However, if, based on low plasma zinc concentrations, 50% of the children are zinc deficient, why aren’t 50% of the children stunted? The answer of course is that stunting is just a statistically defined point somewhere in the growth curves, whereas growth retardation is a long process seen in most children living in developing countries. It has become clear that the onset of linear growth faltering in South East Asia is probably within a few months of birth, and that the most sensitive period for intervention is prior to 18 months of age. It is also clear that poor zinc status plays a role in this growth retardation, as providing infants with high quality complementary foods including zinc can prevent growth faltering to a large extent [22]. However, whether or not a child falls below the cut-off defined for stunting, has only partly to do with whether a child has a poor zinc status at a given time point. It is the outcome of a long growth trajectory with growth faltering and (incomplete) catch-up growth alternating with many different possible causes, ranging from nutritional deficiency to infectious disease. A measurement at a single time point will therefore not be very informative to understand the reasons for the observed growth deficit. In any case, it is clear that using only stunting prevalence data to identify a population at risk for zinc deficiency is not accurate or sensitive enough. A more reliable method could be to scrutinize growth patterns during childhood, to see whether growth faltering occurs, and at what time point. However, given the fact that growth faltering has a multi-factorial etiology, and growth impairment develops very gradually, growth data can never be more than a rough indicator of zinc status and will not necessarily reflect current zinc status.

3.2. Why Is Zinc Different from the Rest?

The difference between zinc and other micronutrients such as iron or vitamin A can be understood more easily through the concept of type I/type II nutrients as developed by M. Golden with zinc being a so-called type II nutrient, whereas iron and vitamin A are type I nutrients [23]. Whereas type I nutrients can be considered as the ‘classic’ physiologic nutrients, type II nutrients can be considered as ‘growth nutrients’ that is, nutrients so essential to growth that in a state of deficiency, (cell) growth will stop. However, as these type II nutrients are present in all tissues, there is no clearly identifiable ‘storage’ compartment from which the nutrient can be mobilized. Deficiency of any one of these nutrients will foremost lead, at least in children, to growth faltering as the primary metabolic reaction to deficiency. If deficiency continues, the human body will switch to catabolism: breakdown of tissue to recycle the lacking type II nutrient in order to safeguard basic essential metabolic processes. A mild deficiency of any type II nutrient will therefore lead to growth faltering, whereas a more severe deficiency will lead to cachexia and wasting [24]. As can be appreciated from this concept, deficiency of any type II nutrient (zinc, magnesium, phosphorus) will lead to growth retardation, making the symptom of growth faltering or stunting a very unspecific indicator for deficiency of any type II nutrient.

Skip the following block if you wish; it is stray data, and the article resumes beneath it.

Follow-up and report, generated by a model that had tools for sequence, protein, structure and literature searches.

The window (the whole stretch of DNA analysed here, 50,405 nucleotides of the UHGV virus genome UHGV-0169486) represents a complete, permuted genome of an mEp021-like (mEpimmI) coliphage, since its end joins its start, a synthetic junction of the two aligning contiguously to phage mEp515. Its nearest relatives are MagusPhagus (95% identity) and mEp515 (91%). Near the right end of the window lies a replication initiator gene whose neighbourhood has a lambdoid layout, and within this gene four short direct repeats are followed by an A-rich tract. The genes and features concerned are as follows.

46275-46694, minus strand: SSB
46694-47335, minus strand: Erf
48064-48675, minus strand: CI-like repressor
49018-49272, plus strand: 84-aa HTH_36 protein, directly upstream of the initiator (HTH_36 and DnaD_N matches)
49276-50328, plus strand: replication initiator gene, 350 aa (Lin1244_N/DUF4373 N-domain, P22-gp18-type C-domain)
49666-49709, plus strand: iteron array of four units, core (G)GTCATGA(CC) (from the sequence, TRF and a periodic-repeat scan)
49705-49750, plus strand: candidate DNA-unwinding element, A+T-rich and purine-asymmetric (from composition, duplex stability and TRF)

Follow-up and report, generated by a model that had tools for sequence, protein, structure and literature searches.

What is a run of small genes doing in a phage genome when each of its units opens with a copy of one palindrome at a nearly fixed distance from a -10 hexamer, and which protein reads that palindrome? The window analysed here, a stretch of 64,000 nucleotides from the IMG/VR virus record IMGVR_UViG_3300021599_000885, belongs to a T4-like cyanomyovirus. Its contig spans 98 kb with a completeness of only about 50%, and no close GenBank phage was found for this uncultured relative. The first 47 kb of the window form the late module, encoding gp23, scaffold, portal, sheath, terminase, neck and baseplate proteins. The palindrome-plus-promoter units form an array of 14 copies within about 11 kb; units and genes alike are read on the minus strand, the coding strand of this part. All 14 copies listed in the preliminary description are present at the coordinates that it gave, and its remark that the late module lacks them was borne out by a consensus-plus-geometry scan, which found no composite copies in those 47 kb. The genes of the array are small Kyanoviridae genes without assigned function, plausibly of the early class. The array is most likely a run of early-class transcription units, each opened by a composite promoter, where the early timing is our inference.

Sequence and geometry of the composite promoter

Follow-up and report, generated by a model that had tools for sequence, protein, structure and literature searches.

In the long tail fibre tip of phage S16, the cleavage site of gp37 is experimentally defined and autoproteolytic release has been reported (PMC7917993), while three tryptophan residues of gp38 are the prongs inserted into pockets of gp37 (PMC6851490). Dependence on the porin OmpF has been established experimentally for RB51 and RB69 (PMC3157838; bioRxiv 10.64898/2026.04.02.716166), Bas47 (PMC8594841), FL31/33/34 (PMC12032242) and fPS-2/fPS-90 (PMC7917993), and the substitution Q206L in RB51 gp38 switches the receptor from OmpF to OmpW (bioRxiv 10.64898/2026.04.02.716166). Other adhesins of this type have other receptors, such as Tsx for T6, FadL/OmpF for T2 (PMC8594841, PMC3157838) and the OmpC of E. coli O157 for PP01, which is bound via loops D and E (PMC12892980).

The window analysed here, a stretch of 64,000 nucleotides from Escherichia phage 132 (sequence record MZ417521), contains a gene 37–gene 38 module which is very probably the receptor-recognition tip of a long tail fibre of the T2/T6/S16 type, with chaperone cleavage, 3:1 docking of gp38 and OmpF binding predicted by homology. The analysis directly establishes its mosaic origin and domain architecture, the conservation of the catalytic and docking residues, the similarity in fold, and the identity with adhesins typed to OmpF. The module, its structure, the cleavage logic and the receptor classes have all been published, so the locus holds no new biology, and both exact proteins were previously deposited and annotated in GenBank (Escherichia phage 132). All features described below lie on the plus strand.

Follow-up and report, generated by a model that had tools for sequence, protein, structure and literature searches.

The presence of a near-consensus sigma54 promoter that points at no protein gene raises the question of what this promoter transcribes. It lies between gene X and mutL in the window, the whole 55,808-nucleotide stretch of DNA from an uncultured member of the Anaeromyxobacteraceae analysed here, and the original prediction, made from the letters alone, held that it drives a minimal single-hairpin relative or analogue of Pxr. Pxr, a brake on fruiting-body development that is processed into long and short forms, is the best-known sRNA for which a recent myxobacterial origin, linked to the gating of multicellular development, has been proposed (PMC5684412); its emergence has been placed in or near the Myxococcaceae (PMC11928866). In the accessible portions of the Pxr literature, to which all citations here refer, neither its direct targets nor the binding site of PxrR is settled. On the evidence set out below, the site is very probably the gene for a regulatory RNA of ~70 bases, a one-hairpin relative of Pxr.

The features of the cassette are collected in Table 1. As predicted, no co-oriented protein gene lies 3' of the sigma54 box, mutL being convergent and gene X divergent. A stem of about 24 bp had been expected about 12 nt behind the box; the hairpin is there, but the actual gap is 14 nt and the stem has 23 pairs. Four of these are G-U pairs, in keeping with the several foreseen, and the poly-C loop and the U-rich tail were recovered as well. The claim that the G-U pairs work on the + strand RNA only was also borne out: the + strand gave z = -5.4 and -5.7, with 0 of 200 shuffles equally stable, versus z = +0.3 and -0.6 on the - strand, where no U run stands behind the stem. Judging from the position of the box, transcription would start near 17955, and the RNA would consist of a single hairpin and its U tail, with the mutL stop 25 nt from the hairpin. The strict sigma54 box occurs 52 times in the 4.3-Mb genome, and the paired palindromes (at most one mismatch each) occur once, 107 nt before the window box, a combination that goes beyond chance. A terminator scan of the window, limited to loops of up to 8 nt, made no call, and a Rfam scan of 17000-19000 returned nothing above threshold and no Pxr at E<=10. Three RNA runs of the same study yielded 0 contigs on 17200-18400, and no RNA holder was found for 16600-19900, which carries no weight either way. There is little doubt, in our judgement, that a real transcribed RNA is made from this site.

Treatment or prevention of deficiency also differs between type I and type II nutrients [25]. For type I nutrients, providing sufficient amounts of the nutrient which was deficient will normally restore the biochemical function. So, in iron-deficiency anemia, providing only iron will normally result in an increase in hemoglobin concentrations and resolve the anemia. In contrast, to counter the growth impairment after a type II nutrient deficiency, one will need to provide all the type II nutrients to enable catch-up growth, as catch-up growth involves anabolism, with the production of new tissue and organ mass, increasing lean body mass, weight, and length, and hence increased requirements for all type II nutrients. For instance, requirements for magnesium and phosphorus (both type II nutrients) for a zinc deficient child receiving zinc treatment are higher than for a normal child of the same age if catch-up growth is required [24].